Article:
Three South African men have been charged with crimes, including attempted murder after footage of the raceist-inged mob attack went viral
The white men are accused of a racially motivated Christmas Day attack on two black teenagers as they tried to use the pool at the Maselspoort resort in the city of in Bloemfontein
The trio who are white, appeared to be trying to prevent the teenagers, aged 13 and 18, from swimming, claiming that the pool was reserved for white people
Johan Nel, 33, and Jan Stephanus van der Westhuizen, 47, have both been charged with common assault and crimen injuria
The third suspect, a 48-year-old male has been charged with attempted murder for allegedly holding the 18-year-old boy under water in the public pool
One man allegedly held a black teenager’s head under water in a public pool
The other two are accused of common assault after video of incident went viral
The incident has drawn wide condemnation in the country with one victim’s father saying: ‘We have to relive the pain through our kids’
President Cyril Ramaphosa who said: ‘As black and white South Africans, we should be united in condemning all manifestations of racism and attempts to explain or defend such crimes’
Three white men have been charged with crimes ranging from common assault to attempted murder in South Africa after an alleged racially motivated attack on two black boys in a public swimming pool.
The men were filmed allegedly assaulting the teenagers as they tried to use the pool at the Maselspoort resort in the city of in Bloemfontein, about four hours from Johannesburg, on Christmas Day.
The trio appeared to be trying to prevent the teenagers, aged 13 and 18, from swimming, claiming that the pool was reserved for white people, in footage that has gone viral on social media.
In the video which was recorded by a relative, the men appeared to shout at the teenagers and strike them.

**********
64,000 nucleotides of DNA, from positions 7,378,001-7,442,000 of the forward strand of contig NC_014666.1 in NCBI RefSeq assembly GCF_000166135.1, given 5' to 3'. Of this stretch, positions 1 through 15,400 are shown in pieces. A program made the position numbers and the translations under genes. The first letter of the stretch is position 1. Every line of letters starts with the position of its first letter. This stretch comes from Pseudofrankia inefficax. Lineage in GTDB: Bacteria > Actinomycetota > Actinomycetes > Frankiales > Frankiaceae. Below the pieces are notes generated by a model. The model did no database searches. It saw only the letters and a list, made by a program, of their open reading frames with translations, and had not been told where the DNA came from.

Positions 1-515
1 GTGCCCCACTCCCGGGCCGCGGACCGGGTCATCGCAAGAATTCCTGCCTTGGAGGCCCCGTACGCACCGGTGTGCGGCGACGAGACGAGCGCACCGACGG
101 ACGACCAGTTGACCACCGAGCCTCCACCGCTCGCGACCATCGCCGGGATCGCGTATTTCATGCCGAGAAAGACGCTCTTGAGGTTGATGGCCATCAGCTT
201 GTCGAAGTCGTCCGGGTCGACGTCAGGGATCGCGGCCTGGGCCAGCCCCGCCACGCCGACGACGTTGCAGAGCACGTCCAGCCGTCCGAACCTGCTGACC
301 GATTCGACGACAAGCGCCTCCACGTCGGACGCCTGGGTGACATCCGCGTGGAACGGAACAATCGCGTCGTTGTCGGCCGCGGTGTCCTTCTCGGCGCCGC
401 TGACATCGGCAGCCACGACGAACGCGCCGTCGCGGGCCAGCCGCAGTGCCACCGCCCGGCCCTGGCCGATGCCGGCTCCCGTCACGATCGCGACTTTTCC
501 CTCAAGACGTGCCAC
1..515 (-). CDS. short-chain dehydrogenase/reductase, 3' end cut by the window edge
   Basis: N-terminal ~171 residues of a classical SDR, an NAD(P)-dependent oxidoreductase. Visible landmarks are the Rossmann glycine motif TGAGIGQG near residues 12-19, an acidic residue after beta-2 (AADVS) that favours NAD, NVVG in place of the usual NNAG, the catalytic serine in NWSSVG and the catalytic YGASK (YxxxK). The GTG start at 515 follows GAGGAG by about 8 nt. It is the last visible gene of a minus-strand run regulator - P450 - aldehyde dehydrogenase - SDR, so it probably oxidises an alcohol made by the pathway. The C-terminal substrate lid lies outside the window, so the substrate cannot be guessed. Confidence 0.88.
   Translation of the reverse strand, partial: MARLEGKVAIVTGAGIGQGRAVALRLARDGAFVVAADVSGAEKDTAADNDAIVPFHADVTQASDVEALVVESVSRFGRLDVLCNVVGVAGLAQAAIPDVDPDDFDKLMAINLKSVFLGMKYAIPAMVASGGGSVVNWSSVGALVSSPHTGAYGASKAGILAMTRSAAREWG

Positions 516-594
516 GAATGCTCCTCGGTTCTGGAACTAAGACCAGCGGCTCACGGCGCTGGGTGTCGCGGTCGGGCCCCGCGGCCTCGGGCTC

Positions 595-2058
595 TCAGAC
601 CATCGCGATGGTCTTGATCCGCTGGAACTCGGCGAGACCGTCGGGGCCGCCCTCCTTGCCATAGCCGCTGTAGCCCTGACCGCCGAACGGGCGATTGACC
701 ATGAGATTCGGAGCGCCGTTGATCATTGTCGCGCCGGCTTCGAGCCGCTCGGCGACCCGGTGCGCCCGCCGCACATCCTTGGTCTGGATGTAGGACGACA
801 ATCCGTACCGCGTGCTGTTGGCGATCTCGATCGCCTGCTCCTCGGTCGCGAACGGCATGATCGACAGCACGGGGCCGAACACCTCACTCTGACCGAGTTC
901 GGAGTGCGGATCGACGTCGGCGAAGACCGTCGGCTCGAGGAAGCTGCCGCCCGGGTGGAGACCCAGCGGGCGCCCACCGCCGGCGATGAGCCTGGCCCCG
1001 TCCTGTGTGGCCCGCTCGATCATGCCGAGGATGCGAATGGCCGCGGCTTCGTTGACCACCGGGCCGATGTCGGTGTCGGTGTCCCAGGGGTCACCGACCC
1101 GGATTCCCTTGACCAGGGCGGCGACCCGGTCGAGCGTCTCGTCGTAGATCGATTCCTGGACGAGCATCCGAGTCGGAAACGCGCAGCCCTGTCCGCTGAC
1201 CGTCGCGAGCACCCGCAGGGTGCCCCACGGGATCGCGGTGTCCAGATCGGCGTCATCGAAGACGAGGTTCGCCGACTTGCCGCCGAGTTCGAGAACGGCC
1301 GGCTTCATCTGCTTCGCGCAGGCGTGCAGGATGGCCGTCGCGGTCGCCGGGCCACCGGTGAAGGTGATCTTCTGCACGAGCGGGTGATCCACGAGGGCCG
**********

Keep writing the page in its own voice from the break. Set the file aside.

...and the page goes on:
Further, one of the adults appears to hold the 18-year-old boy’s head under water, while the 13-year-old boy was allegedly grabbed by the throat and pulled by the hair.
Further security video footage purports to show the men attempting to prevent the teenagers from entering the pool and the group of white people exiting the water as soon as the black teenagers entered it.
Johan Nel, 33, and Jan Stephanus van der Westhuizen, 47, have both been released on a warning and will return to court in the new year on charges of common assault and crimen injuria.
A third man, 48, has been charged with attempted murder for allegedly holding one of the boys under water.
Political parties and activists gathered to protest outside of the courthouse on Thursday, and the incident has been widely condemned, including by President Cyril Ramaphosa.
Brian Nakedi, who fought against the apartheid in South Africa in his youth, told the New York Times his 18-year-old son was one of the two boys in the now viral videos.
‘I became incensed. We have to relive the pain through our kids,’ he said.
Nakedi, 58, said he and his extended family had booked three nights stay at the resort over Christmas. The resort, he said, is divided into two sections, and the campground side is generally frequented primarily by white people.
When the two boys opted to swim at the pool on that side of the property, he claims they were immediately quizzed by white guests, who told them they weren’t allowed to be there.
As tensions rose, he said the two boys left to speak to their parents, and Nakedi joined them at the pool to confront the primary aggressors.
Nakedi claims he thought the situation was resolved and assured the youths they were free to return to the pool, only for tensions to flare once more.
The teenager at the center of the argument told the publication the man who allegedly held his head under water told him: ‘You’re fighting for the water; now you’ll die.’
The incident has drawn wide condemnation. President Ramaphosa said: ‘Under the rule of law, we must let investigations take their course.
‘But under the rule of law, we can and must also declare that racism has no place in our society and racists have no place to hide.’
‘As black and white South Africans, we should be united in condemning all manifestations of racism and attempts to explain or defend such crimes.
‘Racism is not a problem to be fought by black South Africans only,’ President Ramaphosa said in a statement.
Members of the Economic Freedom Fighters party visited the resort and demanded answers from the manager, who claimed there was no racial segregation policy.
Racism remains a thorny issue in South Africa nearly 30 years after South Africa’s transition from white-minority rule, known as apartheid, to democracy.